(Bloomberg) -- South Africa’s Finance Minister Enoch Godongwana acknowledged the country’s politics make fiscal rules hard to stick, but said his colleagues understood the vital need to control spiraling debt-service costs.

“Fiscal rules happen in a political setting,” Godongwana told Bloomberg News in an interview Thursday in Cape Town, a day after tabling the nation’s budget. “Is the South African political economy ripe for fiscal rules? The answer, if you ask me: No.”

To impose fiscal rules, you need strong leadership, he said.

Godongwana’s budget is his last before May 29 elections in which the ruling African National Congress risks losing its majority for the first time since 1994 — when Nelson Mandela led it to power and ended White-minority rule.

The finance minister pleased investors on Wednesday by announcing he would ease the cash-strapped country’s debt burden to the tune of 150 billion rand ($7.9 billion) by tapping profits on its gold and foreign exchange reserves. Treasury also announced it plans to introduce a new fiscal anchor to provide a sustainable long-term path for public finances.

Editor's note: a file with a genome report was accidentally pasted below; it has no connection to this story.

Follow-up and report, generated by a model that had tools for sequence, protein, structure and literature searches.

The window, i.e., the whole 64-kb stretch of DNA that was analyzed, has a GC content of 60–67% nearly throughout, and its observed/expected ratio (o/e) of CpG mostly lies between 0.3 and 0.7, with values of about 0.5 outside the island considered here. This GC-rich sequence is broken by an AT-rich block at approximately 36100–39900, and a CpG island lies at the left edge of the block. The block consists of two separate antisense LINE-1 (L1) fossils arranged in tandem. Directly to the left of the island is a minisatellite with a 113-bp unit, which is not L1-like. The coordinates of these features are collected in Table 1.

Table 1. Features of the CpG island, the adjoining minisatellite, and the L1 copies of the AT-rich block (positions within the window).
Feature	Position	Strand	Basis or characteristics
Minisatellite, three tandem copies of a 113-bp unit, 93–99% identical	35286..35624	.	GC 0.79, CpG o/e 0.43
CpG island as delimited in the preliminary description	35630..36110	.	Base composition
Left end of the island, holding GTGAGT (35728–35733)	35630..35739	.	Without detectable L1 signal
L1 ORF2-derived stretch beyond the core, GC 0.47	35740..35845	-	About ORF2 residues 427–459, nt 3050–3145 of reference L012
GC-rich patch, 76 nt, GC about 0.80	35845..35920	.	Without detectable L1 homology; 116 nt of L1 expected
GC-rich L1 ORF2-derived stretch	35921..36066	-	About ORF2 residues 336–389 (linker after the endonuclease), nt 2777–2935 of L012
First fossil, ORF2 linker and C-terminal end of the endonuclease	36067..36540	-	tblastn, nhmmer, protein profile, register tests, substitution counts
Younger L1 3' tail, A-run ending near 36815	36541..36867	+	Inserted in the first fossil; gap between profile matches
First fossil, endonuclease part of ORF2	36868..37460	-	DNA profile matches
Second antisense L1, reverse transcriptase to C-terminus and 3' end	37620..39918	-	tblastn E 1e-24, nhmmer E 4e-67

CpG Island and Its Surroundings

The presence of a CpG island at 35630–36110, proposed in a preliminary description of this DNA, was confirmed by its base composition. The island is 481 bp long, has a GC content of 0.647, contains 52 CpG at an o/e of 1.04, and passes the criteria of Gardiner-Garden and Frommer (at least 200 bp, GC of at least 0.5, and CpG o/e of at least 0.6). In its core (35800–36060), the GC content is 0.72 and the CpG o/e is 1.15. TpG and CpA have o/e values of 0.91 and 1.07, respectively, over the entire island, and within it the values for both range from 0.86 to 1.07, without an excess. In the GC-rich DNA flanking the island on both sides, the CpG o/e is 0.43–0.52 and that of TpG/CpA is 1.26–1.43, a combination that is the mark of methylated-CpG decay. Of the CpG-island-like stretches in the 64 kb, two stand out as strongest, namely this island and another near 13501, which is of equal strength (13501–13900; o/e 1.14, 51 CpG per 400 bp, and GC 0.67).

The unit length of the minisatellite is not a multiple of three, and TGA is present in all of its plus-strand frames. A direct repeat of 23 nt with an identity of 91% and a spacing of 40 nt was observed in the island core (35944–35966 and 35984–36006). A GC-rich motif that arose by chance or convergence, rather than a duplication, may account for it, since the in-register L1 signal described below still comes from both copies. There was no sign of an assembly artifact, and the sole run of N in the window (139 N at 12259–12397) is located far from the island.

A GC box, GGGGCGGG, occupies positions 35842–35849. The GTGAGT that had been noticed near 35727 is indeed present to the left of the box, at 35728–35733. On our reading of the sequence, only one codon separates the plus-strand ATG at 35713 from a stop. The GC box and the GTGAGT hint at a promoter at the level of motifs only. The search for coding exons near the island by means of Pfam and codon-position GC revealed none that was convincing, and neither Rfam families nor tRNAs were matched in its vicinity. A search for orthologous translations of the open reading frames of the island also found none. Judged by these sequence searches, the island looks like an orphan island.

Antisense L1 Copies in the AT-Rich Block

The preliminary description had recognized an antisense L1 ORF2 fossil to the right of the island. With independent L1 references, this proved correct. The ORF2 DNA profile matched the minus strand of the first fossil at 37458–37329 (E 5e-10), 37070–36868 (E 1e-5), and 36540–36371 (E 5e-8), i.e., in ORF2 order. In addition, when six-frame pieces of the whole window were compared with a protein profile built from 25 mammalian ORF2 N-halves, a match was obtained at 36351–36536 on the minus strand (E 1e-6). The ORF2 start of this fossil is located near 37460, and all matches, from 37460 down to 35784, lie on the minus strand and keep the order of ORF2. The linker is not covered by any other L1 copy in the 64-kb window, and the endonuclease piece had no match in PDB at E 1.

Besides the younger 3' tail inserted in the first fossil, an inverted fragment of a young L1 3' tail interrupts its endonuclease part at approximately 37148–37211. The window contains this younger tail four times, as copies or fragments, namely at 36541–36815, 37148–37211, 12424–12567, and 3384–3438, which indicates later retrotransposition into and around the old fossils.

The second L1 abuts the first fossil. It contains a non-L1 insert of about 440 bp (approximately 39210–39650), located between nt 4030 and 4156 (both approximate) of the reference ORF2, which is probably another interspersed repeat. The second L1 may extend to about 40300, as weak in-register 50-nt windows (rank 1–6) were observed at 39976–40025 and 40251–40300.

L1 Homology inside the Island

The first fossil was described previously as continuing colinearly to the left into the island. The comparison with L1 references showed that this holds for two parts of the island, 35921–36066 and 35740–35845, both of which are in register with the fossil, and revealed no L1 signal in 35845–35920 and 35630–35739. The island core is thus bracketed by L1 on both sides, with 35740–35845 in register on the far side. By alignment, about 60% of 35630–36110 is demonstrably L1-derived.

The move is amied at easing questions about what happens longer term to prevent South Africa going back to living beyond its means amid anemic growth. “This will secure the benefits of fiscal consolidation and ensure that permanent fiscal imbalances do not reappear in a way that requires painful future adjustments,” the Treasury said in its budget review.

The details are still being worked out. But Godongwana said that using debt and debt-service targets made sense because the consequence of failing to keep them under control were easily understood. South Africa spends one in every five rand of government revenue in paying for the debt.

The government expects to achieve a primary budget surplus – the amount by which revenue exceeds non-interest spending — in the current fiscal year for the first time since 2008-09.

Analysts said that questions will remain about South Africa’s long-term fiscal outlook until there was clarity on how the anchor would be binding.

“Realistically it does require broader sensitization of all political actors,” said Razia Khan, head of research at Standard Chartered Bank. “From Treasury, we’re getting a very clear sense that debt levels are problematic. But if they don’t start dealing with it now, they’ll have to run ever greater primary fiscal surpluses in the future in order to stabilize debt levels.”

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